As mentioned, Margera went publically sober on the reality show “Family Ties.” In the interview, he mentioned not realizing that he had a problem when he initially agreed to do the show. At first, he says his decision was motivated by money.
“I didn’t realize I had that much of a drinking problem, but I saw the dollar signs they offered me. I was like, wait a minute, people pay a lot of money to get therapy and you’re paying me this amount to have therapy done? This is a double win, I’ll do it,” he said.
Soon, he realized his problem really stemmed from an addiction and not just partying.
“Once I went in, I realized musicians can party like rock stars because playing a guitar and being drunk go hand and hand, but if you want to skate and be drunk it doesn’t work. You’re gonna rack your nuts and slam your face, so once I realized that I haven’t skated because I’ve been sippin’ on too much alcohol, that’s when I got it.”
After leaving the show, Margera discovered how difficult it truly was for him to put down the alcohol. That’s when he realized, the decision to get sober was more than just for show, it was going to be an everyday reality. These days, Margera says he’s learned the tools necessary to maintain his sobriety, and believes he will make it through with the right support system.
“I never had any pill problems and I’ve never tried heroin in my life, but it’s been a real struggle for me to stay off the alcohol. But just as long you’re surrounded by good people and you have something to do, you’ll be good,” he concluded
Did you know about Bam Margera’s struggles? He brings up some important point about recovery. Often, people are in denial about how urgent their addiction situation is. Regardless of whether you have done “hard” drugs or not, addiction is a disease. Whether it is alcohol or heroin, you need to seek treatment if you are struggling. Do not wait. Call now.
CALL NOW 1-800-951-6135
Author: Shernide Delva
The state of Utah plans to set the bar by being the state with the lowest DUI limit. Will other states follow?
This week, Utah lawmakers voted to lower the blood alcohol content limit for drunken driving offenses from 0.08 to 0.05. The proposal passed the Utah State Legislature and now will make its way to Governor Gary Herbert, who has indicated he supports the bill.
According to the Chicago Tribune, if Governor Herbert signs the bill, the law will go into effect on December 30, 2018, the day before New Year’s Eve. It would mark the lowest blood alcohol level in the country.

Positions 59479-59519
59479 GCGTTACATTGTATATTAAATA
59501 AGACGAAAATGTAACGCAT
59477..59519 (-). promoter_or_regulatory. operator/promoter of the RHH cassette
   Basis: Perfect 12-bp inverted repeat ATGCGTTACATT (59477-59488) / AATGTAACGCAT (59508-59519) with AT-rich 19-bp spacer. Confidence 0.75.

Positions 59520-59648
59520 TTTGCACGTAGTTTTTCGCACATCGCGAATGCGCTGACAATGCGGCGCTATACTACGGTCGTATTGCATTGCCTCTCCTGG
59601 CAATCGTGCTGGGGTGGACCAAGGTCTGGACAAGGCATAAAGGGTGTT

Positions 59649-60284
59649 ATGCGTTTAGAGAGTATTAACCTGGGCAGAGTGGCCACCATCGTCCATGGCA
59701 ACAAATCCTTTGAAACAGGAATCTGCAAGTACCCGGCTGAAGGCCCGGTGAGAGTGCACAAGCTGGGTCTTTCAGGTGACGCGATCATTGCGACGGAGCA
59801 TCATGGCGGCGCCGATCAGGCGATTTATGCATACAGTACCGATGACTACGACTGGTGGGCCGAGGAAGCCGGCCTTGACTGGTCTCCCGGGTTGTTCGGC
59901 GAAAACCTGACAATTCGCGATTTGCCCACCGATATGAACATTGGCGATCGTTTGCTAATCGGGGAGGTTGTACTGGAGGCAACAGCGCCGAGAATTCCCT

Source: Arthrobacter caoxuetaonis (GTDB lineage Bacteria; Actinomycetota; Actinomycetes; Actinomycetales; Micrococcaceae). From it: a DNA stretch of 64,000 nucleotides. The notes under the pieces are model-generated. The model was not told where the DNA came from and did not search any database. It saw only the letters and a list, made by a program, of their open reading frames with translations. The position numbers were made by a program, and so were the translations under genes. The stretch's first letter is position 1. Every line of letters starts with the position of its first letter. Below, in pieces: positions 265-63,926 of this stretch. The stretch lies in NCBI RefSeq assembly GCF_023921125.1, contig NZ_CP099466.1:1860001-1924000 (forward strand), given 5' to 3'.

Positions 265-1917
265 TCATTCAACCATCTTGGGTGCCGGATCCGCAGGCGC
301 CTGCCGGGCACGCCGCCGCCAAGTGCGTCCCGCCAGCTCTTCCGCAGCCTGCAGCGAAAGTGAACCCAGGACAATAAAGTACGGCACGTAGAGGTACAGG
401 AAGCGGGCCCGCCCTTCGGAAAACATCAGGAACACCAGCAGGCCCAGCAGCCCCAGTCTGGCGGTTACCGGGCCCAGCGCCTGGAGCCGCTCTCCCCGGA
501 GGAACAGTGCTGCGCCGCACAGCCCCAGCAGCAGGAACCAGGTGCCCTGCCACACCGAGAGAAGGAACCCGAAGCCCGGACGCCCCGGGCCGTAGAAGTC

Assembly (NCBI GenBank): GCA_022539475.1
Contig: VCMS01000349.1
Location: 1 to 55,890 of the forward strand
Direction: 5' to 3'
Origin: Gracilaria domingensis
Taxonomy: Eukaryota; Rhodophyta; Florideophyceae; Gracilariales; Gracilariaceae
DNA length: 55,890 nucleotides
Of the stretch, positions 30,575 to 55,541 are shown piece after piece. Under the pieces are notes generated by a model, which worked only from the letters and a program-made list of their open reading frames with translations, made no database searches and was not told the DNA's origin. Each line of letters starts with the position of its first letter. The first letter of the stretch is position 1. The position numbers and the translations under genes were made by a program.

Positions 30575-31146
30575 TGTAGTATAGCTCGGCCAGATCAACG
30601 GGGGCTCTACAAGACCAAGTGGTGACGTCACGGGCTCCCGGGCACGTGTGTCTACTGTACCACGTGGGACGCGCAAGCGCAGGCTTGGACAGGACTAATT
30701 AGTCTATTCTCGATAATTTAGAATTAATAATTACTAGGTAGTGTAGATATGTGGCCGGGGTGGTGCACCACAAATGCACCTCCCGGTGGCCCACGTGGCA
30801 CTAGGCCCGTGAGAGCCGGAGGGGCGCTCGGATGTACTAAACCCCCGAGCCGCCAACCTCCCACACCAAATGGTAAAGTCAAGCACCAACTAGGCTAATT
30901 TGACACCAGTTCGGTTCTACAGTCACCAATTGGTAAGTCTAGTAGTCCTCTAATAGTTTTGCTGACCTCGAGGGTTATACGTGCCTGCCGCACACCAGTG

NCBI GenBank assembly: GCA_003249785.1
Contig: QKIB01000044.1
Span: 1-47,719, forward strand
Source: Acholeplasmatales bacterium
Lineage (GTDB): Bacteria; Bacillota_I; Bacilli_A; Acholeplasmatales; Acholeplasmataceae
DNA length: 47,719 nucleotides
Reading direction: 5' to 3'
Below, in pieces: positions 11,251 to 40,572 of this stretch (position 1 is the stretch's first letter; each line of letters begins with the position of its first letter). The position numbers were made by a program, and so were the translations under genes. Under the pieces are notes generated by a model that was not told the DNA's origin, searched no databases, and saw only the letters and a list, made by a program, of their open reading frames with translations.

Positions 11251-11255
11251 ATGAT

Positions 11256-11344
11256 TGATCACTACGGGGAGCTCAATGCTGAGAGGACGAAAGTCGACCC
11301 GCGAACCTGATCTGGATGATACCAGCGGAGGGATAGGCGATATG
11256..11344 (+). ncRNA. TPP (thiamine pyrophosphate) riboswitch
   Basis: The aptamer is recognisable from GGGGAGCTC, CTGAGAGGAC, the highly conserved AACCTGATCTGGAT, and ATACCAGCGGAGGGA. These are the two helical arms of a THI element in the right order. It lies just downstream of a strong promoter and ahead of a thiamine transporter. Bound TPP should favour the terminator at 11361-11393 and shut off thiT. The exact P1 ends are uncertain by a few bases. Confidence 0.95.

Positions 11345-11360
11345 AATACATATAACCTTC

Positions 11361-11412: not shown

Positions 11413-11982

The bill was originally proposed by Rep. Normal Thurston. The measure passed the Utah Senate with a 19-11 vote. Lawmakers are split on the decision along with those in the adult beverage industry.
On one hand, some command Utah for taking steps to improve safety when it comes to driving under the influence. However, others find the bill unnecessary. Sarah Longwell of the American Beverage Institute pointed to drunk driving fatality statistics, stating:
“Over 77% of alcohol-related traffic fatalities in Utah are caused by people with [blood alcohol levels] of .15 and above.”
Furthermore, Longwell added that the average blood alcohol level in a fatal car accident tends to be 0.20—more than twice the current legal limit of 0.08. Looking at the stats, one could ponder if a law like this is even necessary. However, lawmakers praise the bill saying it corresponds to laws around the world in Southeast Asia to Europe.
While it might be the first in the United States, it is far from uncommon in other areas. Utah plans to lead the country in lowering the legal limit. A similar proposal failed in Hawaii, while another bill is currently receiving consideration in Washington.
Still, the other argument states that Utah has no need for a bill like this. According to the Centers for Disease Control and Prevention, Utah already has lower drunk-driving statistics than most U.S. states. Between 2003 and 2012, 469 people have been killed in drunk driving accidents, and 0.7 percent of Utah residents complained of drinking too much compared to a national average of 1.9% of people.
The National Transportation Board (NTB) and other public health experts have agreed that all states should adopt 0.05% as the standard alcohol level. Deborah Hersman, Chairwoman of the NTB, said to the New York Times in 2013, that “there are at least 10,000 reasons to tackle the issue,” such as “the annual average of 10,000 drunk driving fatalities nationally.”
What are your thoughts on the decrease?
Driving under the influence is never a good idea; however, this clearly is a controversial and complex problem. Surprisingly, Mothers Against Drunk Driving founder Candace Lightner does not believe the drinking limit should lower. Lightner led the successful national campaign in the 80s to crack down on drunk driving. Yet, she does not support the proposal.
“I don’t believe it is a practical long-term solution,” Lightner told U.S. News. “You could go to 0.0 and that would save lives. You could go to a 40 mph speed limit and that would save lives, but you have to look at what’s realistic.”
“Running around trying to arrest everyone at .05 is impractical,” Lightner says.
She believes it is already difficult for police and prosecutors to take action at 0.08, better yet 0.05 percent. Many drivers at those limits are easily able to pass a field sobriety test.
Now, that you have heard all the sides to this issue, what are your thoughts? Should the legal drinking limit change? If you or someone you love is struggling with substance abuse or addiction, please call toll-free.
CALL NOW 1-800-951-6135